The boards of PSA and FCA have agreed to pursue the merger of the two companies, aiming to create the world’s fourth largest car manufacturing group.
Following the confirmation yesterday that PSA and FCA are in merger talks, things have moved on apace with both companies now approving the plan to merge, in the process creating the fourth largest automotive group in the world, behind VW, Toyota and Renault-Nissan.
The aim now is to thrash out the details ahead of a memorandum of understanding in the next few weeks, with a merger of equals creating a new group headquartered in Holland.
It’s seems like a very sensible and pragmatic move by both FCA and PSA in an era for car makers where technology shifts are weighing heavily on finances and resources.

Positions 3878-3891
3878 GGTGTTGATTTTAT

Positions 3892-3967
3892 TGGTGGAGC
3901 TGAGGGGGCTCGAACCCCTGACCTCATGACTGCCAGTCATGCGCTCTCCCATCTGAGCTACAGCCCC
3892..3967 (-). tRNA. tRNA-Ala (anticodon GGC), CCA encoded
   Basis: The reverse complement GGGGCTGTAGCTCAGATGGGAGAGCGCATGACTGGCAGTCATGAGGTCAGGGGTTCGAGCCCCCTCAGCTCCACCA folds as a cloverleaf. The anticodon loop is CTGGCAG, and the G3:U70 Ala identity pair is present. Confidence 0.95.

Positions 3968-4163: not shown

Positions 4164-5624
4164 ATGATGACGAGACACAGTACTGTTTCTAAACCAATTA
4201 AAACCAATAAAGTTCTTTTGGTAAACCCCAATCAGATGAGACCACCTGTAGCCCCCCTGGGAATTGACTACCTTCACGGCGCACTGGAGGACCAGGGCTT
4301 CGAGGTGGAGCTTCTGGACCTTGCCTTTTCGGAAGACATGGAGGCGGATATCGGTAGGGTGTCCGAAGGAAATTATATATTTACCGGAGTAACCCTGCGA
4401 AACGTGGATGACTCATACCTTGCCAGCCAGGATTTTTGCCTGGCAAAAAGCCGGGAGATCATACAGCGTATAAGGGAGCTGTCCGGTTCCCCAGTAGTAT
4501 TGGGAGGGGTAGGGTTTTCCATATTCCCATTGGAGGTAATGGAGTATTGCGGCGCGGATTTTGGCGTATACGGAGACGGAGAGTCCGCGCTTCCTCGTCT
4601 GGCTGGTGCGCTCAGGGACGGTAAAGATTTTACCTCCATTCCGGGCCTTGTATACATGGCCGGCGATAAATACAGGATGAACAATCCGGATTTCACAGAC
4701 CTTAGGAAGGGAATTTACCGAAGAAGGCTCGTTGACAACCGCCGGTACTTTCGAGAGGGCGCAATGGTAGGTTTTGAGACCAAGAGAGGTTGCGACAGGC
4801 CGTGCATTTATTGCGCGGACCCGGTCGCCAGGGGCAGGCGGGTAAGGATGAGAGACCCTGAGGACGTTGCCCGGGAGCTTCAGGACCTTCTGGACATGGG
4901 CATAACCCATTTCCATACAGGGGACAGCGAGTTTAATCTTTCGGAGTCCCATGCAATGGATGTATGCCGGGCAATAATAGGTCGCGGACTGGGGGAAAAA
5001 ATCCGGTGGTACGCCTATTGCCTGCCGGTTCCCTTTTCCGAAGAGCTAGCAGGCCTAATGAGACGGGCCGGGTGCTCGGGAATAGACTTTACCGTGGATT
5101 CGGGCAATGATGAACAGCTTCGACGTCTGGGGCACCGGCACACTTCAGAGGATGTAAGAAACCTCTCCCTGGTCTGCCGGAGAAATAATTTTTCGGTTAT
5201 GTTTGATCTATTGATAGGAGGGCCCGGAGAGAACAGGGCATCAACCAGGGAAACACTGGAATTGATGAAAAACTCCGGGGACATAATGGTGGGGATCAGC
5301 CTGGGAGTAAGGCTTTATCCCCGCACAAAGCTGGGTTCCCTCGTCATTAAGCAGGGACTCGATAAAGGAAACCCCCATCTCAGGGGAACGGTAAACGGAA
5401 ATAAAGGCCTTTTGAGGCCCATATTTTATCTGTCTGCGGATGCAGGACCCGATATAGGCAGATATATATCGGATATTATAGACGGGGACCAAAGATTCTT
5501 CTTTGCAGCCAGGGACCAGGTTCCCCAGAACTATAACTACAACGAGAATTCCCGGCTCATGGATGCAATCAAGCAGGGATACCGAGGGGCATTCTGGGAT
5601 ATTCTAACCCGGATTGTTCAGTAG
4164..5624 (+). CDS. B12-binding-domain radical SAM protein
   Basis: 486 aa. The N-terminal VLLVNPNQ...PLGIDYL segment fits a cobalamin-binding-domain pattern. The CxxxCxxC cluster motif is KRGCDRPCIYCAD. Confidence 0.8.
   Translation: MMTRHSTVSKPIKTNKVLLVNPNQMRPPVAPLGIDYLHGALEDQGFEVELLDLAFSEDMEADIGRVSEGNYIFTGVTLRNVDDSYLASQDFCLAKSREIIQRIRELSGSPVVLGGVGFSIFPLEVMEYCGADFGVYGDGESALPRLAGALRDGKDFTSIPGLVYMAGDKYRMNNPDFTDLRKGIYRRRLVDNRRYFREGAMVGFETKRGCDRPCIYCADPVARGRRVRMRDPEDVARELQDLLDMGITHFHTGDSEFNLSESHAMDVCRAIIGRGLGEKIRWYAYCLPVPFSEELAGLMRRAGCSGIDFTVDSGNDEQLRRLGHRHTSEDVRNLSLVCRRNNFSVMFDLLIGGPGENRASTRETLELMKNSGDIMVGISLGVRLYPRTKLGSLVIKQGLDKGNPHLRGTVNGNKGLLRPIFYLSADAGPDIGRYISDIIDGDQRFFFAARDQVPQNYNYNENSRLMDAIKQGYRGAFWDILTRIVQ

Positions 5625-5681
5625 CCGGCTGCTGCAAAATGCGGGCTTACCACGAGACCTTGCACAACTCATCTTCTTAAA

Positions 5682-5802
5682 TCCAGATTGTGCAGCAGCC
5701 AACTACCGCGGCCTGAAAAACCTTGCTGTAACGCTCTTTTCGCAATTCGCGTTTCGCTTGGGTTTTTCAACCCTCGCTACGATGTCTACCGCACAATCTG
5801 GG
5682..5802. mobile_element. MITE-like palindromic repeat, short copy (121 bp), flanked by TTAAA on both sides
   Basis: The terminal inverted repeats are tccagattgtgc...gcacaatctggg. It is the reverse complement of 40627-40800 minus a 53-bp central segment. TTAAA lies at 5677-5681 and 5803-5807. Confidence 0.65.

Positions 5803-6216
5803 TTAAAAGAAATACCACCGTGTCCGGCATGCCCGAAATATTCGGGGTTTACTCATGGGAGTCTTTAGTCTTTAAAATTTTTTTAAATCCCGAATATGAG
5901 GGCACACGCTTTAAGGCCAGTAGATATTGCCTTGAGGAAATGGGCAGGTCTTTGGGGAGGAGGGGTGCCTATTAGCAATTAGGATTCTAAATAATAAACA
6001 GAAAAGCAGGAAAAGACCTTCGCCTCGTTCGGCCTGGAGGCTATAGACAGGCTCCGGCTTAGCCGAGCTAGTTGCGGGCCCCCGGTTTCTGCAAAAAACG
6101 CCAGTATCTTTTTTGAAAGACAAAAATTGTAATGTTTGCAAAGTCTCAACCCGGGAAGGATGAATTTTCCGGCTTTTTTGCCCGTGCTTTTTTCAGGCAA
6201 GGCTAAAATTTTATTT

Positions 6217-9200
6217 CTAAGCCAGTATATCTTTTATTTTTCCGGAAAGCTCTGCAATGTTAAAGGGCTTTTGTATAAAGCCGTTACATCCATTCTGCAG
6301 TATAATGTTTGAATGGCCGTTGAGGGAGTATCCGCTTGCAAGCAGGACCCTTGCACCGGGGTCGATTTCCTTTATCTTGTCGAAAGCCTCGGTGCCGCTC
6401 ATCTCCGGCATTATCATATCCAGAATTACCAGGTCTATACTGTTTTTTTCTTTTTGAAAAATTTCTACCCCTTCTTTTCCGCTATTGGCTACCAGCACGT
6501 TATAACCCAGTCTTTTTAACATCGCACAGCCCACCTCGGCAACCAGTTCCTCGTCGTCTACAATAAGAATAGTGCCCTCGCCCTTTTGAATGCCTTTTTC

The two companies say the merger will realise the highest margins in the markets they operate, with FCA’s strengths in the US and Latin America complimenting PSA’s in Europe, and bring added strength across a wide range of sectors including Luxury, Premium, Mainstream Passenger Car, SUV and Trucks & Light Commercial.
The pair reckon there will be £3.7 billion of annual run-rate synergies without any plant closures, and that the board of the new company would have balanced representation and a majority of independent directors, with John Elkann as Chairman and Carlos Tavares as CEO.
It’s a step further than Ford’s tie-up with VW to use the VW Group’s MEB Platform for electric cars, but it’s not going to be the last major deal between car makers as they seek to survive challenging times.